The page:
Although there is a growing trend toward subspecialization among radiologists in Brazil, most of our survey respondents were general radiologists. We find it curious that general radiologists report higher productivity rates than do subspecialists(6). A possible explanation for this finding is that general radiologists tend to write less thorough reports, which would be less time-consuming. Another explanation could be that these professionals are more likely to work at centers that deal with less complex examinations. However, these are only conjectures.

We found that radiologists in Brazil have productivity levels similar to those of radiologists in some other countries(1,4), despite the fact that they may not have the same level of technological support and infrastructure.


Although the productivity figures seem to be objective in measuring the work of radiologists, analyzing these data in isolation can lead to an underestimation of other activities that go beyond the mere writing of reports and that are key to a successful radiological practice. For example, participation in professional associations, hospital committees, and conference presentations, at the local and national level, are activities that enhance the practice of the specialty. Developing good relationships with referring physicians and hospital administrators is critical for a successful, long-term career in a particular radiology group and in the medical community as a whole. Teaching (inside or outside the institution) and research activities are also crucial for the prosperity of the specialty and its members(3).

With advances in artificial intelligence, it is expected that the productivity of radiologists will increase as tasks of low cognitive value become automated. As a result, the time spent interfacing with different electronic systems (picture archiving and communication systems, radiology information systems, hospital information systems, etc.) will be reduced, as will that spent identifying and measuring simple imaging findings, and radiologists will be able to spend more time establishing and confirming diagnoses(18). In this context, non-clinical activities should be expanded and encouraged. We have already seen examples of radiology practices that value these tasks, in the form of remuneration, awards, or incentives.

Our study has some limitations. First, we did not take into account the effect of working afterhours and there is evidence that engaging in radiology activities after 6:00 p.m. adversely affects not only professional productivity but also interpretive accuracy and overall quality of life(13). In addition, we did not measure differences between genders and there might be a difference in the perception of what is an acceptable minimum and an acceptable maximum level of productivity(19). Furthermore, our study sample comprised only a small number of thoracic radiologists (n = 15), although that could be a reflection of the radiology market as a whole. Moreover, the low response rate obtained (9.1%) could be considered a limitation, albeit within the expected range for this type of survey(20).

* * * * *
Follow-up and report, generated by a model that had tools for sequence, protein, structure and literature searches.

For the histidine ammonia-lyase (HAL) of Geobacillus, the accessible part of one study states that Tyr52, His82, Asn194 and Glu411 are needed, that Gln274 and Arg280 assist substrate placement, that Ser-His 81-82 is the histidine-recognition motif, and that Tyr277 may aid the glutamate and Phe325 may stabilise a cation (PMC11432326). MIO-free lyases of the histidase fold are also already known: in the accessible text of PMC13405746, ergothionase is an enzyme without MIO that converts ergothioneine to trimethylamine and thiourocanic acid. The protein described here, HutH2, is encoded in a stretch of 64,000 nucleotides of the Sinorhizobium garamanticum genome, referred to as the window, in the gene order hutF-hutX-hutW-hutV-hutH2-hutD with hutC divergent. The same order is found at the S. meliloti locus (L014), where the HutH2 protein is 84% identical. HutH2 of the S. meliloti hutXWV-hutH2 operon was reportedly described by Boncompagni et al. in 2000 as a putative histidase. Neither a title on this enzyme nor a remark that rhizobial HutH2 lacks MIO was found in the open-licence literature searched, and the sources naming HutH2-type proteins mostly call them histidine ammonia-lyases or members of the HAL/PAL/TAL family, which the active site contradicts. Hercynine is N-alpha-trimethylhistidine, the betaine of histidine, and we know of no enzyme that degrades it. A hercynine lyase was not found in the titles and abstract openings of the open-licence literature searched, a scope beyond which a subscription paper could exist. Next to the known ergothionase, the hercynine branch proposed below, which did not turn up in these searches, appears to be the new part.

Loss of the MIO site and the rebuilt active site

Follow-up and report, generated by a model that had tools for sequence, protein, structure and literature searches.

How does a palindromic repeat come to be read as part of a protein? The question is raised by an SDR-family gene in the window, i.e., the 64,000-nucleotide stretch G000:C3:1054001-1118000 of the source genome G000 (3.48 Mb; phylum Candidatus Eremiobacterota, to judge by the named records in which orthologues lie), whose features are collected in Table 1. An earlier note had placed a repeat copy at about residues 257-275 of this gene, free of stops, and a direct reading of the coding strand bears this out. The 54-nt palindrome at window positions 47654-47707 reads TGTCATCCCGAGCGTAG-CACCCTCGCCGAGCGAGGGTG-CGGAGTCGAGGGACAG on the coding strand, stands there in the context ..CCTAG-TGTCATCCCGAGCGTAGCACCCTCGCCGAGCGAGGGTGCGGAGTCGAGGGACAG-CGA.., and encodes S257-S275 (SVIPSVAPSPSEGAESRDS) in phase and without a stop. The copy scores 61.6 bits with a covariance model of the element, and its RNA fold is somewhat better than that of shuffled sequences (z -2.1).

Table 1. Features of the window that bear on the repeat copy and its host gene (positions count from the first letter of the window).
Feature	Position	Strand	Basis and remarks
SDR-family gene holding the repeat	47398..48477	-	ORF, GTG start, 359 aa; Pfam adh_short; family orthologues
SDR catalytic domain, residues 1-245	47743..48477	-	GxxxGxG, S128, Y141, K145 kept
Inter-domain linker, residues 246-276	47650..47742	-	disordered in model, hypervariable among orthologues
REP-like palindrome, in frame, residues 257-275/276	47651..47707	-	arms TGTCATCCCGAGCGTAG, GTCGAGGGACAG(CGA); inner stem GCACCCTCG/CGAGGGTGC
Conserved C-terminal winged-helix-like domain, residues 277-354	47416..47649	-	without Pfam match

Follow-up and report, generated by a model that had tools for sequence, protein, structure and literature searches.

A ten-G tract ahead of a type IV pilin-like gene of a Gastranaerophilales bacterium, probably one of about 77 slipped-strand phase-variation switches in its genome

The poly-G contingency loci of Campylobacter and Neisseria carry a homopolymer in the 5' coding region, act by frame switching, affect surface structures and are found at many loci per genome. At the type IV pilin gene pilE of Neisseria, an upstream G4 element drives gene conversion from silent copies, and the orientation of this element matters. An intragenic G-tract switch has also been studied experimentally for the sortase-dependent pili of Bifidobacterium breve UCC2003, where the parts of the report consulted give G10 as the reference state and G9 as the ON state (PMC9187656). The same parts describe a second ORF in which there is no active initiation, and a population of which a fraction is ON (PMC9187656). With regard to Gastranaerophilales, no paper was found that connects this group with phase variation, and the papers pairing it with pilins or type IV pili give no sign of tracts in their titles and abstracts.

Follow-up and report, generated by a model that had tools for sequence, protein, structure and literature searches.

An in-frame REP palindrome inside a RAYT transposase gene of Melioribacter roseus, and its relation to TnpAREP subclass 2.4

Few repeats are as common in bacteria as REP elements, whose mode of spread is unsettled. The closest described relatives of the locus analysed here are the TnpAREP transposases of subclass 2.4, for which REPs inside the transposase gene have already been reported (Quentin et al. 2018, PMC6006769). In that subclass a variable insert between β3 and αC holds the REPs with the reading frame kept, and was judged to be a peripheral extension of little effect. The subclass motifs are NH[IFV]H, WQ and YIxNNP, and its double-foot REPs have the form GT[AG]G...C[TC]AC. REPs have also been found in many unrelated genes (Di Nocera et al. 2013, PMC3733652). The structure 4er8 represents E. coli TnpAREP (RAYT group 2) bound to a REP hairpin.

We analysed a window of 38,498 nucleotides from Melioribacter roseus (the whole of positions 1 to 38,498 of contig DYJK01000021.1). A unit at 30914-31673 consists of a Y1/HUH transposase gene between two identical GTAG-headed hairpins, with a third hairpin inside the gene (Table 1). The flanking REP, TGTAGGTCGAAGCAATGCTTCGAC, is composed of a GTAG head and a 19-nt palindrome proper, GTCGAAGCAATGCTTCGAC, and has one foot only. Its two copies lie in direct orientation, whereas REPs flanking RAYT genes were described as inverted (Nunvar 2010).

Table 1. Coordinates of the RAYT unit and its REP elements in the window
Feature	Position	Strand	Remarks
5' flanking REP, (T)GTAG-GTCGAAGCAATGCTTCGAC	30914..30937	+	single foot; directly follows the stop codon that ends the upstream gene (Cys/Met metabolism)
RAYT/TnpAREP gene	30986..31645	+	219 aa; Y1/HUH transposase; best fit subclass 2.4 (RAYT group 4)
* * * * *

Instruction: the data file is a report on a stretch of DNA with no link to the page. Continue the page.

In conclusion, we have shown that, in general, the self-reported productivity of radiologists in Brazil depends on a few factors, such as the place where they live, their remuneration model, and the work environment. We believe that our data can serve as the foundation for and motivate further research that can provide us with increasingly reliable data on the productive capacity of radiologists, going beyond the mere writing of radiological reports to address the relationship between productivity and diagnostic errors.


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1. Grupo Fleury, São Paulo, SP, Brazil
2. Centro Médico de Campinas, Campinas, SP, Brazil
3. Escola Paulista de Medicina da Universidade Federal de São Paulo (EPM-Unifesp), São Paulo, SP, Brazil
4. Instituto de Radiologia do Hospital das Clínicas da Faculdade de Medicina da Universidade de São Paulo (InRad/HC-FMUSP), São Paulo, SP, Brazil
5. A.C.Camargo Câncer Center, São Paulo, SP, Brazil
6. Faculdade de Medicina de Ribeirão Preto da Universidade de São Paulo (FMRP-USP), Ribeirão Preto, SP, Brazil


Dra. Elisa Almeida Sathler Bretas
Grupo Fleury
Rua Cincinato Braga, 282, Bela Vista
São Paulo, SP, Brazil, 01333-910

Received 23 June 2019
Accepted after revision 18 August 2019